• Spain's news in English

Spain's royal future: Six key questions

The Local · 3 Jun 2014, 18:28

Published: 03 Jun 2014 18:28 GMT+02:00

Facebook Twitter Google+ reddit

Why did King Juan Carlos abdicate choose Monday to abdicate?

According to Spanish media reports, the king first decided to abdicate in January after he found himself stammering  through a speech before military officers at the Royal Palace.

He is then supposed to have informed Spanish Prime Minister Mariano Rajoy and socialist opposition leader Alfredo Pérez Rubalcaba as early as March. So why did he wait until Monday to abdicate?

Juan Pedro Valentín, the head of news at Spain’s Cuatro television channel believes the king had postponed his abdication until he was in good health following a hip operation in November 2013.

The king had also waited until after the recent European elections to make the announcement, the journalist added.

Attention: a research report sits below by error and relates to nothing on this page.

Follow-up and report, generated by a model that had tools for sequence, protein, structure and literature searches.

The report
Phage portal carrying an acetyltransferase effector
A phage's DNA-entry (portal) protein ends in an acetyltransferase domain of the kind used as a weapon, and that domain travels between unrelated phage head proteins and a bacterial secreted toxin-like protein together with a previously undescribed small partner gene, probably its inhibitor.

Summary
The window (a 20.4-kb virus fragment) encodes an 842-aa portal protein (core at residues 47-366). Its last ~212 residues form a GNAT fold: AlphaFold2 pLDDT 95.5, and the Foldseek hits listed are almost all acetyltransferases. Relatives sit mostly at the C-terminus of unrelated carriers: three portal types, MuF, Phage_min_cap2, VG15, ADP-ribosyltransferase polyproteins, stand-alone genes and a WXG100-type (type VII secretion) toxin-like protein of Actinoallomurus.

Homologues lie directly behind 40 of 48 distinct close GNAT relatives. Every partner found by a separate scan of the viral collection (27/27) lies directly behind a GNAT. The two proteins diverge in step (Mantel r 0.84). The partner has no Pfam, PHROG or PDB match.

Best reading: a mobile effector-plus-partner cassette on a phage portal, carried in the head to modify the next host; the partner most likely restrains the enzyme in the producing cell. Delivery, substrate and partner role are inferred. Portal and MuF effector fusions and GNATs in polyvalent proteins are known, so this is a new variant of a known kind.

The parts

Another argument being put forward is that the poor results of Spain’s major parties in those elections — the two parties combined picked up less than half of the vote — could jeopardize the future of the crown if they were to be replicated in Spain’s 2015 general elections.

As it stands 91 percent of Spain’s parliamentary representatives will back the law required to make Felipe VI Spain’s new king. But a further fall in the popularity of the two parties in next year's general elections could see smaller parties pushing for an end to the monarchy. 

When will Prince Felipe actually become King Felipe VI?

The short answer is that an exact date has not been fixed. While the legal process is fairly straightforward, it appears that Spain’s parliament will not proclaim Prince Felipe as Spain’s new king for another four to six weeks.

On Tuesday, the Speaker of Spain’s lower house Jesús Posada said the Parliament would approve Prince Felipe´s succession on June 18th. The final date of the 46-year-old’s enthronement will, however, be set by the Royal Palace.